If you haven’t ripped your music CDs to audio files on your computer yet because you don’t know how to, this will help you. All it takes is a CD drive and your time. When you’re done, your physical music collection will become your digital music collection.
You can listen to that music on your computer or copy it over to your smartphone. There are even many free services that will let you store that music online and stream it from anywhere.
Choose Your Ripping Software
This is where you need to decide the ripping software you want to use. Many popular programs you already use have CD-ripping capabilities. iTunes on Macs and PCs has this built in, when you insert a CD while iTunes is running, it will ask to “Import” the CD into iTunes, ripping the music on it into digital files. Encoding settings can be controlled by clicking the “Import Settings” button in the iTunes Preferences window.
Windows Media Player also has this built in and is even still included by default on Windows 10. Launch Windows Media Player and you’ll be able to use the “Rip” button to rip the files on it to your computer. But it is better to use iTunes. If you do use Windows Media Player, make sure you don’t rip to WMA files and ensure copy protection is disabled so you don’t create DRM’d files that are limited in how you can use them.
Many audiophiles swear by Exact Audio Copy on Windows, also known as EAC, which incorporates advanced error correction features for near-perfect rips. You’ll also need to download the LAME MP3 encoder separately and provide it to EAC. CDex may not work quite as well as EAC, but may be simpler to use. Mac users should probably try Max, which also incorporates error-reduction features. LAME is the best-in-class MP3 encoder, and EAC, CDex, and Max can all use it.
Pick a Format and Bitrate
When you are ripping your CD, you’ll need to choose a format and bitrate. Different formats have different compatibility. The best format is MP3 but AAC is more efficient and produces smaller files at the same quality level.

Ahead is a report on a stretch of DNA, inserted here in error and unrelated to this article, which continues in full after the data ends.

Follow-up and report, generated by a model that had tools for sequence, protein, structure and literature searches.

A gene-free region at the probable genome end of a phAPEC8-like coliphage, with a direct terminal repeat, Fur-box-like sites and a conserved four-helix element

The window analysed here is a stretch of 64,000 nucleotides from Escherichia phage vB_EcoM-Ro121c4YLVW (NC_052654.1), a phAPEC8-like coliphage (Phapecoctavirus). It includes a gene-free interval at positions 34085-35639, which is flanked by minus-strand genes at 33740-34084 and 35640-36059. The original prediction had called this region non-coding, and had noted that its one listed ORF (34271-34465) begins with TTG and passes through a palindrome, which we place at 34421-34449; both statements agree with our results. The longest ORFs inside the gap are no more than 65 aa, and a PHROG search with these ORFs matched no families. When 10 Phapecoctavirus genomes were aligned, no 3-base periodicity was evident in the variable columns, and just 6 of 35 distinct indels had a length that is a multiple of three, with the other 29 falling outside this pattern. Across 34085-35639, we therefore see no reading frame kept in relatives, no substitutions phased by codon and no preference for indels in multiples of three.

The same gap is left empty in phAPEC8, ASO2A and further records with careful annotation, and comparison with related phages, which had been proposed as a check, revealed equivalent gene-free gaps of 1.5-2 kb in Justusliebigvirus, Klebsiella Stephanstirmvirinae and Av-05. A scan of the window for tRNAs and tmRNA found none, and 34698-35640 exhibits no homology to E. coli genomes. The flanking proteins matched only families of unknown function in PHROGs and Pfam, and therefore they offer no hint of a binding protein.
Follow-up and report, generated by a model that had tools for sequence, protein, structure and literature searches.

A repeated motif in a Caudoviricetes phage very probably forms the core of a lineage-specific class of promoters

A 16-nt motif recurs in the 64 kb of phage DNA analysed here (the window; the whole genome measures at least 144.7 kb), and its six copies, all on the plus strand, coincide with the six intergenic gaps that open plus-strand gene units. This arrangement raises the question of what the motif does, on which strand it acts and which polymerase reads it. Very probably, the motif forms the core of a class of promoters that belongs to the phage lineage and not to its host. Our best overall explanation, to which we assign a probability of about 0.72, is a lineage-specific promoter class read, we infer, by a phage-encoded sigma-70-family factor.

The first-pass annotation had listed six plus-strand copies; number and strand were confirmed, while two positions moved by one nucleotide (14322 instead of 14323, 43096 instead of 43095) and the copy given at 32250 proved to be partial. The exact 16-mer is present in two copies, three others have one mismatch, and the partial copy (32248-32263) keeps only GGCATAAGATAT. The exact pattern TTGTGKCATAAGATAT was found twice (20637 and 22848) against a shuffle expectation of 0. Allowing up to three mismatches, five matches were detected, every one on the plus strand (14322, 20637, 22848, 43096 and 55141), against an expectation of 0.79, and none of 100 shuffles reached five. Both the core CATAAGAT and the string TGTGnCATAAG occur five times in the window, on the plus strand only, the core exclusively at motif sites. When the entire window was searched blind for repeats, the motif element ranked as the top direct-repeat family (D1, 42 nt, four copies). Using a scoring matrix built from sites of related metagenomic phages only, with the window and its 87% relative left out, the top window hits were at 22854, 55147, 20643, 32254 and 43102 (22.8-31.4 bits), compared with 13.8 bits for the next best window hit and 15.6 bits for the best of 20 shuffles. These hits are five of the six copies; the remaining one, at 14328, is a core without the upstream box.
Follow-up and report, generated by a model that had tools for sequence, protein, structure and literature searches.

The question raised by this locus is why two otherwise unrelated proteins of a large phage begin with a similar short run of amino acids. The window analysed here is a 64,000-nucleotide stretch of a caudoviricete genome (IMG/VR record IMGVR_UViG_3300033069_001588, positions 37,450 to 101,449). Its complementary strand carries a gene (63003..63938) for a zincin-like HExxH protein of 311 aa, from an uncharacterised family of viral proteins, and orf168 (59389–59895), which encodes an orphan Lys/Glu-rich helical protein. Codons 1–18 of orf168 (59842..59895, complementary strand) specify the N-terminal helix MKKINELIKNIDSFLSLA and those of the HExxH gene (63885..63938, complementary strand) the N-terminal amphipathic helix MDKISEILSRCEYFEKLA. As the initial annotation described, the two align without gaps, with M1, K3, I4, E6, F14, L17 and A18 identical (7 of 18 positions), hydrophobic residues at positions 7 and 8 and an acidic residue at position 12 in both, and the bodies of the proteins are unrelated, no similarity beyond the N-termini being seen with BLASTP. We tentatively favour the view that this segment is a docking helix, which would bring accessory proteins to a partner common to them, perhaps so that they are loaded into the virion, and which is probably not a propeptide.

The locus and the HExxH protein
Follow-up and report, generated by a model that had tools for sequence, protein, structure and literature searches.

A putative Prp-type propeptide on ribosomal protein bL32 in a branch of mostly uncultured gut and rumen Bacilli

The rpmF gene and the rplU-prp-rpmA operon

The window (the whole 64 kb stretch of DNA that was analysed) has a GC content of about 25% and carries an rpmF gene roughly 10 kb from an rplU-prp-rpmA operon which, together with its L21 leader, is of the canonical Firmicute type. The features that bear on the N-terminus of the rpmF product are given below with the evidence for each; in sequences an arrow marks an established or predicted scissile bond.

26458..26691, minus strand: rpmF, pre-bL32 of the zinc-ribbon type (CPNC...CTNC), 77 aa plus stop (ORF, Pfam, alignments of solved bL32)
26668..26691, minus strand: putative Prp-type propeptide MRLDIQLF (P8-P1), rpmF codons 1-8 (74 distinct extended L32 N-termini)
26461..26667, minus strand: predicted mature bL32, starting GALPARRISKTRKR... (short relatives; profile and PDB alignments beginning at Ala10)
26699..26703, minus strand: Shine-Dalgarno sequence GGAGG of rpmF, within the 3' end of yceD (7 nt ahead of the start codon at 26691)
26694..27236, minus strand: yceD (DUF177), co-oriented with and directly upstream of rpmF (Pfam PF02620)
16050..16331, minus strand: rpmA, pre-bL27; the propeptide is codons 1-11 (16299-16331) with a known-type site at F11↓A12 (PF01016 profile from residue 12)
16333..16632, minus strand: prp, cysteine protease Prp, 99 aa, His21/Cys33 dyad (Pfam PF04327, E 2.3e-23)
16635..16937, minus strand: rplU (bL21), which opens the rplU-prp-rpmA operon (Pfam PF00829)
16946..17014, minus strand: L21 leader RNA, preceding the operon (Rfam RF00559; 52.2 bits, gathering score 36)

You’ll also need to choose a bitrate, or quality level and the higher the quality, the larger the files. All these decisions are up to you. People who are just after high quality prefer to rip music into lossless FLAC or ALAC files for archival purposes.
If you just want to rip to a collection that sounds good and will play on almost everything, MP3 is probably the best. When ripping to MP3s, you’ll probably want to use the LAME encoder and pick 256 kbps VBR as your quality setting.
If you primarily use Apple software and devices, AAC or Apple Lossless is certainly a fine option that will work for you. Even Android smartphones play AAC files.
Tag Your Songs Automatically
The ripping program you’re using should be able to detect the discs you’ve inserted, look them up online, and automatically fill in the appropriate tags for each song like the artist name, album name, track title, release year and other things. iTunes has this built in, and it’s named “Automatically retrieve CD track names from the Internet.”
Depending on the program you use, you may need to tweak your metadata provider settings and confirm that program is automatically tagging your music for you. This will save you a lot of stress and time.
You may also want to modify the folder and file naming schemes. iTunes handles this for you by adding the ripped music into your iTunes library folder, but programs like EAC and CDex give you more control.
Make sure you backup your music collection onto by copying it in an external hard drive once you are done ripping it. You won’t want to go through the entire process again if your hard drive ever dies and you lose the files.